- Short genome report
- Open Access
Complete genome sequence of Paracoccus marcusii phage vB_PmaS-R3 isolated from the South China Sea
Standards in Genomic Sciences volume 10, Article number: 94 (2015)
Paracoccus spp. are isolated from both terrestrial and aquatic habitats, indicating their ubiquitous existence in the environment. Here we present the first phage isolated from this genus, vB_PmaS-R3, and its complete genome sequence. Paracoccus phage vB_PmaS-R3 is a siphophage isolated from the South China Sea. The genome sequence is 42,093 bp, with a G + C content of 56.36 %. Fifty-two open reading frames were predicted from the genome. The genome can mainly be divided into three regions: genes for DNA metabolism, regulatory genes and structure forming genes. Genes encoding DNA metabolism and structural proteins showed high sequence homology to corresponding genes of Burkholderia phage KL1 and Pseudomonas phage PA73. In addition, four gene transfer agent-like genes were found in the vB_PmaS-R3 genome. A putative L-alanoyl-D-glutamate peptidase was predicted as the endolysin. A MazG gene was found in the vB_PmaS-R3 genome, which indicates genomic adaption to the nutrient-limited marine environment.
Viruses are the most abundant biological entities in the marine environment . They mediate approximately 20 % mortality of the biomass in the sea per day, accelerate nutrient cycling rates and regulate the host community composition through host-specific infection and lysis of cells [1, 2]. Viruses also play an important role in host evolution through viral infection-mediated lateral gene transfer . Metagenomic studies of several marine viral communities revealed vast genetic diversity and contained a large fraction of novel sequences [2, 4]. Studies on virus isolation, virus-host interaction and genomic analysis at the individual level can provide detailed information on the biological features of a virus and give a better understanding of its role in biogeochemical and evolutionary processes . Paracoccus is an important genus in the Rhodobacteraceae family. Paracoccus spp. are widely distributed in both terrestrial and aquatic environments and frequently isolated from marine environments [6, 7]. Although there are many species identified in the Paracoccus genus, so far there is no report on Paracoccus phage or a phage genome. Here we describe the first phage isolated from this genus and its genome characteristics. According to the methods of nomenclature of viruses of Kropinski et al.  the phage was named vB_PmaS-R3.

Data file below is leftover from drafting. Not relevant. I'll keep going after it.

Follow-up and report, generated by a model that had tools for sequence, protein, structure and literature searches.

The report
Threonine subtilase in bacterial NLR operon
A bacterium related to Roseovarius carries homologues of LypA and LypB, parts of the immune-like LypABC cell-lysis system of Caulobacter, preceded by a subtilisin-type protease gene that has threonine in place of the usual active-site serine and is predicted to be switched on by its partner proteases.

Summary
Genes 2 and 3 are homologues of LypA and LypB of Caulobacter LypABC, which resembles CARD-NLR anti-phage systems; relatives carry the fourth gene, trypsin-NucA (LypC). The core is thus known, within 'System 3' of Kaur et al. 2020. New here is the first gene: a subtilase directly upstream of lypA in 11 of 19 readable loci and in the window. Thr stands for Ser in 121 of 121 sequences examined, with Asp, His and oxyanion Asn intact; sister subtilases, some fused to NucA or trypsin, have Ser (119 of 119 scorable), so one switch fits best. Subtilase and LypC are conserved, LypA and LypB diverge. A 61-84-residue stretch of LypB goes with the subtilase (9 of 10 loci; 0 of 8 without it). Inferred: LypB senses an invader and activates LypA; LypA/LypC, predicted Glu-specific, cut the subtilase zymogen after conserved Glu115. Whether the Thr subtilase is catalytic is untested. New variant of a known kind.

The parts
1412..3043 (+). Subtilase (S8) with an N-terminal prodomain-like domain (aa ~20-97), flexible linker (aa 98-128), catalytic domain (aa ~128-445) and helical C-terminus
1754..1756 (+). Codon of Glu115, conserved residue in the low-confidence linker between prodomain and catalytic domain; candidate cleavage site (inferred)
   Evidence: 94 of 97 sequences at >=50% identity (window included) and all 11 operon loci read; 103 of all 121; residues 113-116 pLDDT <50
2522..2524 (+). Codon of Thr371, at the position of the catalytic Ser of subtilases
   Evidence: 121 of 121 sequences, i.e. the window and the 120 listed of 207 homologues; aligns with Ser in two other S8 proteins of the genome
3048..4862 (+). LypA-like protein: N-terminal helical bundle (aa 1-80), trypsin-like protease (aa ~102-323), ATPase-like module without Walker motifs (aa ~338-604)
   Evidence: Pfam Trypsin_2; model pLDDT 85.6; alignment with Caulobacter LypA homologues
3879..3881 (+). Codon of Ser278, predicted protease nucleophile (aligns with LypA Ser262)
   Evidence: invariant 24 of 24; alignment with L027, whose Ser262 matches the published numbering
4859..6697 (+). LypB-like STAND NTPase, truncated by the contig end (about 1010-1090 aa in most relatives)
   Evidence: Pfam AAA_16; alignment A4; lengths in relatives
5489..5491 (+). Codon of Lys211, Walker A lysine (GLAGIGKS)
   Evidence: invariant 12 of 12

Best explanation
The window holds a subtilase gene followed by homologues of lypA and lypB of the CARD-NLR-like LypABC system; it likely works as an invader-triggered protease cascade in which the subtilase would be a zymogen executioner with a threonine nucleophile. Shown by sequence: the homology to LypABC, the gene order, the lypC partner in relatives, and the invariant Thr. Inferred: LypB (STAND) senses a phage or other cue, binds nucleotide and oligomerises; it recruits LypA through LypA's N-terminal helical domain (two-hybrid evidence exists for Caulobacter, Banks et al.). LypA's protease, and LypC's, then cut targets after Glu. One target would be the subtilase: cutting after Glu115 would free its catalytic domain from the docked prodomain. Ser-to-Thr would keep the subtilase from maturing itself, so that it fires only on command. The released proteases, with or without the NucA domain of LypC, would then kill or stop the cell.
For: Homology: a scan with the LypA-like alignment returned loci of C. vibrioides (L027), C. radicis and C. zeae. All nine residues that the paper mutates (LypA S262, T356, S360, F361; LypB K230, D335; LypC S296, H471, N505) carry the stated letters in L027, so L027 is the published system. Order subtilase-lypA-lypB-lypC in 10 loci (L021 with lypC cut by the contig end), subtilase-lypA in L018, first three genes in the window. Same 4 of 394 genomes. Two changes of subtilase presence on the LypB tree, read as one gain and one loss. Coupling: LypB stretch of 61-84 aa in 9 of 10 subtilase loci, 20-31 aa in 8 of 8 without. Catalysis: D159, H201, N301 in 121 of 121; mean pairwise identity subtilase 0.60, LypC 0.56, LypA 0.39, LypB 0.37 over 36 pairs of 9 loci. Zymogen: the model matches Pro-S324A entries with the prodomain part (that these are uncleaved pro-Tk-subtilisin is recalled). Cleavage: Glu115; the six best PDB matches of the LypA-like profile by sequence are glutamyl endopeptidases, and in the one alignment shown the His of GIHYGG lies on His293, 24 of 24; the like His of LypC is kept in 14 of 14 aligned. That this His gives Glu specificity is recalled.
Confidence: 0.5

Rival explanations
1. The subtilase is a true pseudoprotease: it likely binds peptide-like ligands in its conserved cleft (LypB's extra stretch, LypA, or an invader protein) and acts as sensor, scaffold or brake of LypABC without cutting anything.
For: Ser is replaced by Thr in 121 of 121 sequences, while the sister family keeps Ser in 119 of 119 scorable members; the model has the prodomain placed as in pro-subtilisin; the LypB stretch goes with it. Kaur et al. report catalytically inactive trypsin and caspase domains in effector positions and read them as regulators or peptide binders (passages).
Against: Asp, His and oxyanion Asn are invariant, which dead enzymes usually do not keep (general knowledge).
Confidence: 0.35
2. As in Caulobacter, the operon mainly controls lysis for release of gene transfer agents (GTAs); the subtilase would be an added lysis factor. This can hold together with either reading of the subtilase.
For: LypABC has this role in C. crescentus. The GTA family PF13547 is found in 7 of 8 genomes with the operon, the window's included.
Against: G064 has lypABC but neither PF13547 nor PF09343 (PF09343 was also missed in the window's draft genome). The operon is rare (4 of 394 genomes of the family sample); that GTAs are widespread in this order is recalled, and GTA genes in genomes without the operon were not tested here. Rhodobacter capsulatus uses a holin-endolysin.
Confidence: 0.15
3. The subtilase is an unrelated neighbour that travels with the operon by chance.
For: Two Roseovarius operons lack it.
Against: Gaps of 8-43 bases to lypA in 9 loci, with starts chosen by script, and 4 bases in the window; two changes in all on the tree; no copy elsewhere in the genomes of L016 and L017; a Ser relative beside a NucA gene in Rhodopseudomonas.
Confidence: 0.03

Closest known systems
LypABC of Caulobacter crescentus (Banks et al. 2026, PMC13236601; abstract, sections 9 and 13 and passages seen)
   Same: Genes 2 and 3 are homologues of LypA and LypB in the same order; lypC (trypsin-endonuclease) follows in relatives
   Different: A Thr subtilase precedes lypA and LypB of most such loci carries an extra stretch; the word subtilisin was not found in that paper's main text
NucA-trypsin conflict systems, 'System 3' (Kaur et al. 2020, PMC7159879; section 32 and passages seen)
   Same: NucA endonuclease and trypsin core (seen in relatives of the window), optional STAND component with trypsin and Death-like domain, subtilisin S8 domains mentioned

Classification and features
The host of phage vB_PmaS-R3 Paracoccus marcusii strain JL-65 was isolated from the North Pacific Ocean by Du, et al. [6, 9]. Phage vB_PmaS-R3 was a lytic dsDNA phage isolated from the surface seawater of the South China Sea (22.06° N, 118.44° E) (Table 1). According to the transmission electron microscopy image (Fig. 1), vB_PmaS-R3 is a siphophage with an isometric head (ca. 50 nm in diameter) and a long, flexible, non-contractile tail (ca. 122 nm long and ca. 10 nm wide). Phylogenetic analysis based on DNA polymerase gene sequences revealed that vB_PmaS-R3 clustered with Vibrio phage VpKK5, and was also closely related to Pseudomonas phages MP1412, M6, YuA and phage phiJL001 (Fig. 2).
Genome sequencing information
Genome project history
Phage vB_PmaS-R3 is the first phage isolated from the genus Paracoccus , and is a member of the few known siphophage isolates from the marine environment . Genome sequencing of vB_PmaS-R3 would provide a better understanding of the gene diversity of siphophages in the ocean. The genome project is deposited in GOLD and IMG system. The genome sequence and annotation are available in GenBank (KP162168). A summary of the project information is presented in Table 2.
Growth conditions and genomic DNA preparation